Similarly, MEDI2338, a human IgG1 monoclonal antibody that binds IL-18, was studied for efficacy and safety in COPD. Again no statistical differences were observed between treated and placebo patients (clinical trial: NCT01322594)

Moreover, based on the potential involvement of eATP and P2X7 in COPD pathogenesis, during these last years the effect of AZD9056, a P2X7 antagonist which is able to bind the human P2X7 receptor with high selectivity and specificity and developed for the treatment of inflammatory conditions (i.e rheumatoid arthritis and Crohn’s disease), was studied in Phase 2 clinical trials in patients with moderate to severe COPD [75]. In this randomized study, patients with moderate to severe COPD received doses of 400 mg for 4 weeks. However, this study did not lead to positive results because lung parameters were not affected when comparing AZD9056-treated with placebo-treated COPD patients .

Conclusions

This review points at the concept that chronic inflammation and immune responses play key roles in the development and progression of COPD. The references cited in this article evidence the involvement of macrophages, neutrophils, T-lymphocytes and DCs at orchestrating chronic inflammation in COPD onset. Among the cellular milieu, a molecular mechanism is highlighted: NLRP3 inflammasome activation and its ensuing products are highly present in the BAL, sputum and lung tissues of COPD patients. However, the exact mechanism needs to be further elucidated especially because not all the literature data reports a direct role of NLRP3 inflammasome, probably due to the difference between exacerbated and stable COPD patients, pointing at the role of corticosteroid treatment on the down-modulation of the inflammatory/immune response. To note, so far the sole NLRP3 inflammasome has been studied, although this does not rule out the role of other inflammasome-dependent and –independent receptors.

Here, human samples and experimental animal models suggest that NLRP3 inflammasome activation is involved in airway inflammation observed in COPD. It is known that cigarette smoke, risk factor and principal cause of COPD onset, is included among NLRP3 inflammasome activators via TLR-dependent and independent manner. Taken together, these data support that NLRP3 inflammasome may represent the link between inflammatory and immune responses in COPD pathogenesis. However, the exact mechanism underlying the inflammasome (not only NLRP3) activation in this disorder is still not clear. Therefore, further studies are needed to understand the role of this signaling complex in the development and progression of COPD.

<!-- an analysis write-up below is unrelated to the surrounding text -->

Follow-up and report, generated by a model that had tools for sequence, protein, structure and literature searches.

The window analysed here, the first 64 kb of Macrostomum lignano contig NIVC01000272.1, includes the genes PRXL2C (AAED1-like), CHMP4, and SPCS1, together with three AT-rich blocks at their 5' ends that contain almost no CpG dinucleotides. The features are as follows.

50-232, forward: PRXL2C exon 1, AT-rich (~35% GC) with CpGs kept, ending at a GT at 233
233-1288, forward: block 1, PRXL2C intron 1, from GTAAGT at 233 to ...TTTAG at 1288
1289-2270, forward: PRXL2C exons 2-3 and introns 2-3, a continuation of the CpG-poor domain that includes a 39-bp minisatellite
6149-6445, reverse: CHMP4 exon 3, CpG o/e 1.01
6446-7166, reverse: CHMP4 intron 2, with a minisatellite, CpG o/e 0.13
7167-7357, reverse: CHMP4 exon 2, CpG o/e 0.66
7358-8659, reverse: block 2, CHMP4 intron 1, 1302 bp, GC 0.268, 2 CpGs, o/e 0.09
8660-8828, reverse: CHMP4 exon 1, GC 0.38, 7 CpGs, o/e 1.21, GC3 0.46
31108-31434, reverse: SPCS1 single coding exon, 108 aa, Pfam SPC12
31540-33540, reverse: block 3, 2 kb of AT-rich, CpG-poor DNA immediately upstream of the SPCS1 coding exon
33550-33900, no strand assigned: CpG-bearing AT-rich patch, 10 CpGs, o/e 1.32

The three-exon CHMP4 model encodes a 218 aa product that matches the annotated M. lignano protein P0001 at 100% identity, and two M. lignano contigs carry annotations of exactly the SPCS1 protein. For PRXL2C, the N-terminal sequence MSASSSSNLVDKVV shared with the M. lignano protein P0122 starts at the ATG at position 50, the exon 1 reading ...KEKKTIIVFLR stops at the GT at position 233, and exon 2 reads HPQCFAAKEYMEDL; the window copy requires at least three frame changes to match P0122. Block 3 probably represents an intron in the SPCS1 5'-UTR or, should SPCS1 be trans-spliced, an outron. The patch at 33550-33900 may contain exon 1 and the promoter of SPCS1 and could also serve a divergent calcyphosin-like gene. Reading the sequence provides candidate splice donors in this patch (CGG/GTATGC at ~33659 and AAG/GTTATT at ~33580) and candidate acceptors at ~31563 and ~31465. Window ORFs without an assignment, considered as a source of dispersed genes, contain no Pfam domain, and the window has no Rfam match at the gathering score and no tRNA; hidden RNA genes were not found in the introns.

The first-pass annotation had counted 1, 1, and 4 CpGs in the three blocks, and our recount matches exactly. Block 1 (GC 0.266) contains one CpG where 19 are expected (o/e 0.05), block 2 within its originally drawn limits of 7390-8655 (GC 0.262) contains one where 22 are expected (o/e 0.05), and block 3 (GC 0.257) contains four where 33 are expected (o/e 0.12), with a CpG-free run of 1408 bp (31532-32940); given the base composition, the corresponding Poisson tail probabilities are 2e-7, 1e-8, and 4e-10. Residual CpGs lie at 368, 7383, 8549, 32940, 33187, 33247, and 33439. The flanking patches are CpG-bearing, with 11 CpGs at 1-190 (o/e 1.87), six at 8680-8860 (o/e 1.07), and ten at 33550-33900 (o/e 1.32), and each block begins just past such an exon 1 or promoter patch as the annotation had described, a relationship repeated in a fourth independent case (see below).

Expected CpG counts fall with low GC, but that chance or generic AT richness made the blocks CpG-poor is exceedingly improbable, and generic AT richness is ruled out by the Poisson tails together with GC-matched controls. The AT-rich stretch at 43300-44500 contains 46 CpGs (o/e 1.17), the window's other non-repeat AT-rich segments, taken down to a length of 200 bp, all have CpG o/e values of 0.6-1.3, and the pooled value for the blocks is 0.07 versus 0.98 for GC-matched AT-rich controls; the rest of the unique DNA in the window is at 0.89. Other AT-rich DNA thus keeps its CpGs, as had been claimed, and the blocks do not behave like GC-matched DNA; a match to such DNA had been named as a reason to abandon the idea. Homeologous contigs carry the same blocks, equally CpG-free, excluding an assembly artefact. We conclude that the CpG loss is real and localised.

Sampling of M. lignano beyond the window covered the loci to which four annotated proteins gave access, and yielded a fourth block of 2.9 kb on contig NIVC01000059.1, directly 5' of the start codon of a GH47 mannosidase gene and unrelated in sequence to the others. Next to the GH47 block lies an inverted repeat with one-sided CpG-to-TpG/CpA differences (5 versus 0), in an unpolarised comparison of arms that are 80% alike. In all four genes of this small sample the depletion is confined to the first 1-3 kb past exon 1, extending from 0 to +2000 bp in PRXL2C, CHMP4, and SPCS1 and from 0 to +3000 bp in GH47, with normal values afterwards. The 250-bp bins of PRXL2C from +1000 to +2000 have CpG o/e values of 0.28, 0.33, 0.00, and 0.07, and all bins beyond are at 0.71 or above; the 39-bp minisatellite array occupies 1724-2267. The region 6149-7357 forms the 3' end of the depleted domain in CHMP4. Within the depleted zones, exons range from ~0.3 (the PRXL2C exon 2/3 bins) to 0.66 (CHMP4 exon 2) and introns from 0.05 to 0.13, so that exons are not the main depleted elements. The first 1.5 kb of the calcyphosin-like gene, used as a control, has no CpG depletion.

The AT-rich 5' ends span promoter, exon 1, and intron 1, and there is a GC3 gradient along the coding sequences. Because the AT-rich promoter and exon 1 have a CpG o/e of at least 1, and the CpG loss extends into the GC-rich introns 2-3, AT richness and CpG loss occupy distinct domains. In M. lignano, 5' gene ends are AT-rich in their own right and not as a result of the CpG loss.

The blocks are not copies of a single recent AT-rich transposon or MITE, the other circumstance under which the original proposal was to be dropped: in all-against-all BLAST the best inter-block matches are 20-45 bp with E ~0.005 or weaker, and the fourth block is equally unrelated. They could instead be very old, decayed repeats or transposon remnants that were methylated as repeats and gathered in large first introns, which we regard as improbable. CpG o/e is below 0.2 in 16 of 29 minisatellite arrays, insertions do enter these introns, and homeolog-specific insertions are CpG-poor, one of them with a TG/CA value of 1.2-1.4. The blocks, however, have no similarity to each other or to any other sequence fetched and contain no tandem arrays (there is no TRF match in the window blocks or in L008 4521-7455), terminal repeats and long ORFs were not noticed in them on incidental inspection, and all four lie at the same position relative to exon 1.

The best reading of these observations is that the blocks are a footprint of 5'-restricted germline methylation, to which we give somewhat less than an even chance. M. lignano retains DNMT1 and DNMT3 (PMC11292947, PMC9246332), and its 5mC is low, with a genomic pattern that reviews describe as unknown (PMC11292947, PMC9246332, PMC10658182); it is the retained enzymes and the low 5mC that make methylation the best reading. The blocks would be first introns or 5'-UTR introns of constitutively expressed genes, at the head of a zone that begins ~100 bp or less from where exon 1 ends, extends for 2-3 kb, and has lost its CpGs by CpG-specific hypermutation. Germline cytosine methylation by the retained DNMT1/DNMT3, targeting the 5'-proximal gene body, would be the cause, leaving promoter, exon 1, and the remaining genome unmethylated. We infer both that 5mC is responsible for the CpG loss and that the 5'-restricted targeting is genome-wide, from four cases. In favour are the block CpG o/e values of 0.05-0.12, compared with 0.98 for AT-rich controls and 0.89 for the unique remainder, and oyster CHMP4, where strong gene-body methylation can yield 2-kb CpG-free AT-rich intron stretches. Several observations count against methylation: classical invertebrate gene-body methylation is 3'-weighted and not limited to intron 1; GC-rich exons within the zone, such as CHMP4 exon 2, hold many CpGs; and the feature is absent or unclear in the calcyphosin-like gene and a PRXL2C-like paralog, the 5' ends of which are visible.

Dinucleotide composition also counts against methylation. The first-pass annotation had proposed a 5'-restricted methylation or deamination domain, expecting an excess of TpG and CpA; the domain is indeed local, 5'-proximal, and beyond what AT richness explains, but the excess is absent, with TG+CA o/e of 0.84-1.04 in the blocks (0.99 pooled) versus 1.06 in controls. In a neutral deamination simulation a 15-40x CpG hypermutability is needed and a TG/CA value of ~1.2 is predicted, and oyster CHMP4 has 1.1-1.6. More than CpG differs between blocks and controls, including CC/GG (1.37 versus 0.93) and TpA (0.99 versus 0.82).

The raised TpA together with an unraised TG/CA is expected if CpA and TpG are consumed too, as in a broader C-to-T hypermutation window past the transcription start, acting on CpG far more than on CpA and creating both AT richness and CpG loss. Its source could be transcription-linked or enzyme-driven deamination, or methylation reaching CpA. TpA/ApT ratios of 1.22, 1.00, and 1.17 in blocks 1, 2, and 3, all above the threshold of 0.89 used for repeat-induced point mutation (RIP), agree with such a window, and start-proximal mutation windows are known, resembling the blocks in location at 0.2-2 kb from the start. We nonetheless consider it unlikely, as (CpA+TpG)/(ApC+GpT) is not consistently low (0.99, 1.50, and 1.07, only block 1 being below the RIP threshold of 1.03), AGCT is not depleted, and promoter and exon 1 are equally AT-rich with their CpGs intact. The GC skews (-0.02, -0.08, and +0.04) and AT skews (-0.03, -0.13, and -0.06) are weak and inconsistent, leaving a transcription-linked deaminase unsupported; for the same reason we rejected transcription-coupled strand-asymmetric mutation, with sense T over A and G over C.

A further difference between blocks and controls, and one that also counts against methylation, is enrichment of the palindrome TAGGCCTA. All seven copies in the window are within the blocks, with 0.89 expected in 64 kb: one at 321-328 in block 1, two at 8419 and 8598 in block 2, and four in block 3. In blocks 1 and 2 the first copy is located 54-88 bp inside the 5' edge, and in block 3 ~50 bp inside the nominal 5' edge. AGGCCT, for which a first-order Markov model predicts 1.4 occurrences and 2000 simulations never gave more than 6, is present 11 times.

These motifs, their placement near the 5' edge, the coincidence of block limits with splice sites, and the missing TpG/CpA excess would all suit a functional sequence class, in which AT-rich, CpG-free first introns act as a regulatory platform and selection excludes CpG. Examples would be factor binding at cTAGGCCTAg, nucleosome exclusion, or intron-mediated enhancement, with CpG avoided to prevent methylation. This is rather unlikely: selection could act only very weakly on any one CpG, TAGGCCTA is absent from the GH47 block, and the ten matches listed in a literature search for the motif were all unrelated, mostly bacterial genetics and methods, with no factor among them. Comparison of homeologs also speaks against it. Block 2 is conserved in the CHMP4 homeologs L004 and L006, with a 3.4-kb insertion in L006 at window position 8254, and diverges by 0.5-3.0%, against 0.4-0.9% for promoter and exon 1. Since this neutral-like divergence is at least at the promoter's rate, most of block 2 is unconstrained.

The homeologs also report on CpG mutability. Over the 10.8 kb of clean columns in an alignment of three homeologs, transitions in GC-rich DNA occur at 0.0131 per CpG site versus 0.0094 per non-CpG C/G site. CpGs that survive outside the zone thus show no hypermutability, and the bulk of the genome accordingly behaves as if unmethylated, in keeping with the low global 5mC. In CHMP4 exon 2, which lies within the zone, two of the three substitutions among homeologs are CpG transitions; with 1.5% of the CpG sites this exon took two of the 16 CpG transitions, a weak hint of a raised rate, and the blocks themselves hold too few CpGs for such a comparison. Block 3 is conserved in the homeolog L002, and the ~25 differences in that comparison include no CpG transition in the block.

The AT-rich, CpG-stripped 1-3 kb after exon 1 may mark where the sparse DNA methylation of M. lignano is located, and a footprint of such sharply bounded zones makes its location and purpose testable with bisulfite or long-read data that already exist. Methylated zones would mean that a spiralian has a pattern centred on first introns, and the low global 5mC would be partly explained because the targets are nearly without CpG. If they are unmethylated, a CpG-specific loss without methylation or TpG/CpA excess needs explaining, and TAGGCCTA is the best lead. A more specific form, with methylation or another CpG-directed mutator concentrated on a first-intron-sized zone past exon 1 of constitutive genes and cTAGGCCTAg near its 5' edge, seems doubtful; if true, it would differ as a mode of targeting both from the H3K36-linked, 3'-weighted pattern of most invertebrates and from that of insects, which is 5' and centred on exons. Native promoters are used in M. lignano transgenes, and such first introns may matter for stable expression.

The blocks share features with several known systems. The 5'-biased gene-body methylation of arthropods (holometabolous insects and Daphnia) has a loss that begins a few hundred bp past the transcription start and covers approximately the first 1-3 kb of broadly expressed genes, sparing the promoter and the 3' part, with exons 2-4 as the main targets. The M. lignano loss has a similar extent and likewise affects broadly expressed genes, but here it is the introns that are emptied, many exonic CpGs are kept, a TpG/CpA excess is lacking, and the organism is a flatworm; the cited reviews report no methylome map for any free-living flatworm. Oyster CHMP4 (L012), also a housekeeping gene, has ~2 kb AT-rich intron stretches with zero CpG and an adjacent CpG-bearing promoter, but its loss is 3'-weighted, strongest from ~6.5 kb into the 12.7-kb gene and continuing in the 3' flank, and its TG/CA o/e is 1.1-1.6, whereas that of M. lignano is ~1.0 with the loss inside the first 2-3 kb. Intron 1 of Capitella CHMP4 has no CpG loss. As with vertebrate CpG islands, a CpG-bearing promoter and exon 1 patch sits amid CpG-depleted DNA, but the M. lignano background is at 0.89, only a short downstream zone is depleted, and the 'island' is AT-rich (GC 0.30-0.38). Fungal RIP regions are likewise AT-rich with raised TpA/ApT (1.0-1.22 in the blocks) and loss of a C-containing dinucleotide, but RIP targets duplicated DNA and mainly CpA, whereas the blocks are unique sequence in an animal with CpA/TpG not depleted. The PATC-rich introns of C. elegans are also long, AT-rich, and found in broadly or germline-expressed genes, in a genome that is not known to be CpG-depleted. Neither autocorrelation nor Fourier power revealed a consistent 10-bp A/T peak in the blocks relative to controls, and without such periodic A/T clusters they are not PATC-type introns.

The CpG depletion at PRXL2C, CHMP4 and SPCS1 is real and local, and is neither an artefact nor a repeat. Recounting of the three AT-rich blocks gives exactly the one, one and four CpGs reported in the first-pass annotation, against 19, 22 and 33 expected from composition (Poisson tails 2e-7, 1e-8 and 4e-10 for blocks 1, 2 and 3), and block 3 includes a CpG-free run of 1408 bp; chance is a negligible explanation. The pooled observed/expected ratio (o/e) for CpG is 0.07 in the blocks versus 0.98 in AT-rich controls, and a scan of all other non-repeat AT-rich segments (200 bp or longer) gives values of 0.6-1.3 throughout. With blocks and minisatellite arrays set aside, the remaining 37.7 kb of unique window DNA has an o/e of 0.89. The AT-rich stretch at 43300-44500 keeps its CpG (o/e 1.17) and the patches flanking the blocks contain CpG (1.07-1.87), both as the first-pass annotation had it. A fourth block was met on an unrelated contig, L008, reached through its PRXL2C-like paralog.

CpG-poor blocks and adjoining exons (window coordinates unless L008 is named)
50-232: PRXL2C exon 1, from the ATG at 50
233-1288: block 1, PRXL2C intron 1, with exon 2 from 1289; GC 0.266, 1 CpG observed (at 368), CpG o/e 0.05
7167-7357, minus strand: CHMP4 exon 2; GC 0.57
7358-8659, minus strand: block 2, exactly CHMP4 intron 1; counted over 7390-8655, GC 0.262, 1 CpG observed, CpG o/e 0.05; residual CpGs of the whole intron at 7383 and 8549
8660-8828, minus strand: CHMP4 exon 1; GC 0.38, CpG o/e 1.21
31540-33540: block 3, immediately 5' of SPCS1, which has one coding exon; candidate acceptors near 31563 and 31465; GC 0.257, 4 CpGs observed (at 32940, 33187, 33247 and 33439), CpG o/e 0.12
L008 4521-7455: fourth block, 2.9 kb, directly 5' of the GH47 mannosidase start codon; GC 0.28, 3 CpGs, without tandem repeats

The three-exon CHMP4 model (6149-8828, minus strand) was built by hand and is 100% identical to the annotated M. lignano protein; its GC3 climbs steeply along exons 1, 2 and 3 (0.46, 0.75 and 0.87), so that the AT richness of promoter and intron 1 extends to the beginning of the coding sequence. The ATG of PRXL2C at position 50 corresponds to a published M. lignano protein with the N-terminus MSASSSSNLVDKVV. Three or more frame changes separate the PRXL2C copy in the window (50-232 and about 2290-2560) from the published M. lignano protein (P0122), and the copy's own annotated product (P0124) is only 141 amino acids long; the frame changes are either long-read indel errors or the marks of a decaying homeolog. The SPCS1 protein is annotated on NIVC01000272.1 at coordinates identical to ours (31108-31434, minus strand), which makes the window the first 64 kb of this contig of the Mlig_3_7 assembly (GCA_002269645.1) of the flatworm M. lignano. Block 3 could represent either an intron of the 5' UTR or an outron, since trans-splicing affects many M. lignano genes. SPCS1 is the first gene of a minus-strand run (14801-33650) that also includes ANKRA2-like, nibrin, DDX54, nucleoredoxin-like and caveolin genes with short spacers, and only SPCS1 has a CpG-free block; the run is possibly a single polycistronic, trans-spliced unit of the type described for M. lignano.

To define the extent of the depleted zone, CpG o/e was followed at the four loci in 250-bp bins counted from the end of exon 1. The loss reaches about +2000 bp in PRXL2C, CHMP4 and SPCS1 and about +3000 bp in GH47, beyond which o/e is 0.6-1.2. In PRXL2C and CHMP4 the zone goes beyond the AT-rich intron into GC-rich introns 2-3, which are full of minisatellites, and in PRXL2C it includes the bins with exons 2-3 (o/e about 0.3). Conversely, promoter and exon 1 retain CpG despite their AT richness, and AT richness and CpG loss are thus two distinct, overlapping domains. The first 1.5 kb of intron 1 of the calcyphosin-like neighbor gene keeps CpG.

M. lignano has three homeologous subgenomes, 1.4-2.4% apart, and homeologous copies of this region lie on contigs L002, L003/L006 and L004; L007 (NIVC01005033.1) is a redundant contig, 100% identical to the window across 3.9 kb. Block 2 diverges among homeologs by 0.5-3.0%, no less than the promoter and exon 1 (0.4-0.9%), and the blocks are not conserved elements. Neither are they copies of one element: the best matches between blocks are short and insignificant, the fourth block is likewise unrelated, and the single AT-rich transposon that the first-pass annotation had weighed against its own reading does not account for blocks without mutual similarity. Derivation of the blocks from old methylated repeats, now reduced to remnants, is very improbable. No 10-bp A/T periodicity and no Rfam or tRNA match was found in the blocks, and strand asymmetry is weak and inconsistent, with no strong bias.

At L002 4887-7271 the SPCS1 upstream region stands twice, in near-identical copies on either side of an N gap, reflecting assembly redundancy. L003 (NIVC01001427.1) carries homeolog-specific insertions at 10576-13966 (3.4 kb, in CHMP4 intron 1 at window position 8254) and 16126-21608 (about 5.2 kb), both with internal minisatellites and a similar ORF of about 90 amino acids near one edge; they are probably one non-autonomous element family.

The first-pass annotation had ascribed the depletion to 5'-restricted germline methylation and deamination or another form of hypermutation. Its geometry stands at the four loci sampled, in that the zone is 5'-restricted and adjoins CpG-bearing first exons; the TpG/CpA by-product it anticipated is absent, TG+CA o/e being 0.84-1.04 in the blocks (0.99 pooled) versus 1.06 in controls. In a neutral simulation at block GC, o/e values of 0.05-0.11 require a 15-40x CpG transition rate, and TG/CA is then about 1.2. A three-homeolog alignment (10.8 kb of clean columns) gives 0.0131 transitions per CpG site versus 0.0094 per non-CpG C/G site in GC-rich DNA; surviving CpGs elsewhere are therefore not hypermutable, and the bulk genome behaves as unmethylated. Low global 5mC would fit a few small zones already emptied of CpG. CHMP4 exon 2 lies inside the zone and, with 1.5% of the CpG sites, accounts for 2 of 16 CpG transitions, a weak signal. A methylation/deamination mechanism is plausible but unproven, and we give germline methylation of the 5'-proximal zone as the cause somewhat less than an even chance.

More importantly, it is worth to point at the failure of phase II clinical trials in that the inhibition of IL-1α and IL-1β, as well as IL-18 ad P2X7, all underlying NLRP3-dependent and independent inflammasome, did not prove of beneficial activity in COPD patients. These data is of great relevance and suggest that although the presence of IL-1-like cytokines during exacerbation stages, other mechanisms are involved in COPD pathogenesis that most likely may lead to inflammasome activation. However, it is still important to note that moderate to severe COPD patients are under corticosteroid treatment especially during exacerbation phases. Therefore, it is of great relevance to understand the role of glucocorticoids in inflammasome-dependent signaling. It is well-known that corticosteroids inhibit IL-1-like cytokines (i.e. IL-1β). Therefore, in this context, a future clinical trial targeting inflammasome components and effectors needs to take into consideration the cross-talk between the two signaling pathways. Another consideration is that corticosteroids may down-regulate inflammasome components and thus effectors, probably explaining the inefficiency of the drugs in the randomized clinical trials (Table I). So far, it is not known whether corticosteroids inhibit inflammasome components and therefore further studies are needed to clarify the cross-talk between the two signaling pathways before programming future clinical trials.

Author contributions

CC, MT, AM, AP and RS wrote the manuscript; RS finally edited the manuscript after all author approval.

CONFLICTS OF INTEREST

The authors declare that they have no conflicts of interest.